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Auckland Council will appeal a decision giving three of New Zealand’s biggest developers the green light to rezone 330 hectares of land in Drury.
Independent hearing commissioners last month approved the private plan changes of developers Oyster Capital, Fulton Hogan and Kiwi Property.
But Auckland Council announced on Friday afternoon that it will now challenge the findings.
In a statement Auckland Council’s chief of strategy Megan Tyler said it had until 17 June to lodge the appeals in the Environment Court.
“The council is committed to continuing to work with the private plan change applicants and other parties whether that is through court-directed mediation or other avenues,” she said.
“Given the council’s appeals are yet to be lodged, no further comment will be provided until the court’s appeals period closes on June 17, 2022.”
The Auckland Council’s planning committee voted on Thursday to take legal action, but a report from officers on the issue remains under wraps.
The developers applied in July 2020 to rezone the land in East Drury from future urban to a mix of residential, business and open space zones.
The council has continued to oppose the plan changes on the grounds it would be left to foot the bill for $1 billion in infrastructure needed for the works to go ahead, including $600 million for transport-related projects and a further $500m for stormwater, sewerage, parks and community facilities.
In October 2020, Tyler said the Drury private plan changes would ultimately have to be decided by the courts.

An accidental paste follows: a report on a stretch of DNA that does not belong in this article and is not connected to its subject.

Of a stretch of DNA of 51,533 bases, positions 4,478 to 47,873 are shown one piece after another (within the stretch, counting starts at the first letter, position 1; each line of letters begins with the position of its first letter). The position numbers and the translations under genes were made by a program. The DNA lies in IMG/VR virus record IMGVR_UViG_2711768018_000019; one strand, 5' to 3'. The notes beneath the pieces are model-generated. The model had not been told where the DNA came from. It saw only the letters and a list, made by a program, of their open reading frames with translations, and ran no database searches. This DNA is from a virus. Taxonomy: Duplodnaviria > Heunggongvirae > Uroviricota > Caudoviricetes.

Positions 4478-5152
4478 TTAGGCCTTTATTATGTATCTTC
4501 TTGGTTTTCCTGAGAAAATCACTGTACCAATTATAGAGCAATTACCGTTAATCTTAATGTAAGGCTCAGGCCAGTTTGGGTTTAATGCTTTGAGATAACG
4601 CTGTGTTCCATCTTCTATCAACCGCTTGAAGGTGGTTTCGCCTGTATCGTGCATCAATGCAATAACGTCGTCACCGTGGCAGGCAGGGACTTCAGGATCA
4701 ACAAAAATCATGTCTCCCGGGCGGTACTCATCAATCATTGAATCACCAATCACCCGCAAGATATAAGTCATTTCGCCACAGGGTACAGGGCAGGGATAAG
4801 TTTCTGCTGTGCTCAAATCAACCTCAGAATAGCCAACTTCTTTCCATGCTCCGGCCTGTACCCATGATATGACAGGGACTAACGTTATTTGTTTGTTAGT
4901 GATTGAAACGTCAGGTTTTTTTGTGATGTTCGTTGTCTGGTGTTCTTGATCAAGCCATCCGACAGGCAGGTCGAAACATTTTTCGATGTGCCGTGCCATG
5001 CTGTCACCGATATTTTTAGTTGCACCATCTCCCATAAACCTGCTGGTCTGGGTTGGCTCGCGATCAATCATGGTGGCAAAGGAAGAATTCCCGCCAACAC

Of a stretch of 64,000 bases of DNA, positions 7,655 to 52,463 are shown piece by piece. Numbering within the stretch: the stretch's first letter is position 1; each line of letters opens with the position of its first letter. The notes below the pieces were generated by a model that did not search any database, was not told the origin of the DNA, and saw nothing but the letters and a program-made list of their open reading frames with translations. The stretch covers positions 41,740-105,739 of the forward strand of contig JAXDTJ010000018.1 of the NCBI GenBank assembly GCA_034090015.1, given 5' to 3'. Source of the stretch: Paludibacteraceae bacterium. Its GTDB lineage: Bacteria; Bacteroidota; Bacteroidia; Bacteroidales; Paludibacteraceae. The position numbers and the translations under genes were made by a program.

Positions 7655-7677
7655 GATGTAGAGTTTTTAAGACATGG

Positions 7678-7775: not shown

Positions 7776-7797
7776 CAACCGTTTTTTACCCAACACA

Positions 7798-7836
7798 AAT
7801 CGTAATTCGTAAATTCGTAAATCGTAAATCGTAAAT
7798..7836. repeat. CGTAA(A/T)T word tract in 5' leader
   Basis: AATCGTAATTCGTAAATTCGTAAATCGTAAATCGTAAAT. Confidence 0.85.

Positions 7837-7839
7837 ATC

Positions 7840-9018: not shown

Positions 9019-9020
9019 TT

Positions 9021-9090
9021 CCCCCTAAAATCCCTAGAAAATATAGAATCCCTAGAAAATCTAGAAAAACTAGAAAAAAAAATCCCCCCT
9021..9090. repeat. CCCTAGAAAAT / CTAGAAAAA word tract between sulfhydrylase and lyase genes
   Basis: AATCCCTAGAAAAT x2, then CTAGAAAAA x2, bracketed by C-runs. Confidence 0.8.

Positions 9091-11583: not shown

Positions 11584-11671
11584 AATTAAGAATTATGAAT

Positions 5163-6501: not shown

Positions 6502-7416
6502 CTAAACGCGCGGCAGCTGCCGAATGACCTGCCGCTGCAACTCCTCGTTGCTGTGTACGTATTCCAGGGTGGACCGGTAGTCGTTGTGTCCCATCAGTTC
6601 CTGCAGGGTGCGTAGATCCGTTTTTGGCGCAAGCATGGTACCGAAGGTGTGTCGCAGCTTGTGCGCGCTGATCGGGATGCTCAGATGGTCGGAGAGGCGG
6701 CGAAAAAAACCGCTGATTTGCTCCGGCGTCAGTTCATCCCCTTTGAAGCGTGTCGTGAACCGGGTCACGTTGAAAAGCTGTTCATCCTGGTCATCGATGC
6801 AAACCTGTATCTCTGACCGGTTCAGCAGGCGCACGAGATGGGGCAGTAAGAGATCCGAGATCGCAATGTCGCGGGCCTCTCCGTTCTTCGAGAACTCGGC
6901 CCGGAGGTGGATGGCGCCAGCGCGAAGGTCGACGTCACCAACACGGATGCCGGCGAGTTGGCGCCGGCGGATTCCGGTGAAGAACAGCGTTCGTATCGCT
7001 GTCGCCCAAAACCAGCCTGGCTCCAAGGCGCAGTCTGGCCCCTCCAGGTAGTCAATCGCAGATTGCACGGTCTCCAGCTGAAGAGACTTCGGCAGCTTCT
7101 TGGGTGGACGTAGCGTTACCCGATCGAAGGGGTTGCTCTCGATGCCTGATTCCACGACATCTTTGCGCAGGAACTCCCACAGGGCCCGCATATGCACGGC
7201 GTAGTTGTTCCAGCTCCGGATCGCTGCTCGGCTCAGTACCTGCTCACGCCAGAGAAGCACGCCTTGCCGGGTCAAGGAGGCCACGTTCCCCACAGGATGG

Fulton Hogan Land Development chief executive Graeme Causer said he was still trying to get his head around the council’s decision.
“All we’d heard was a rumour that the council was going to appeal.”
Causer said it was not the news he wanted to hear.
“It’s a waste of money for everyone involved.”
The land had already been earmarked for future growth under the Auckland Unitary Plan and the council was merely delaying the inevitable, Causer said.
“I’m hoping common sense will prevail. We’re trying to build houses, isn’t that what everyone wants?”
Auckland deputy mayor and Franklin ward councillor Bill Cashmore said last month he supported the decision to approve the private plan changes, which would see a town the size of Napier eventually built in Drury.
It made perfect sense to develop the area because of its location right beside State Highway 1 and the city’s rail network, he said.
Cashmore did not know at that stage if the council would appeal, but said he did not think it would achieve much and would just add another $1 million to its legal costs and another year in delays.
The total population of the Takanini, Drury, Opāheke, Paerata and Pukekohe areas is expected to grow to 120,000 people over the next 30 years.
Both Kiwi Property and Oyster Capital were approached for comment for this story.
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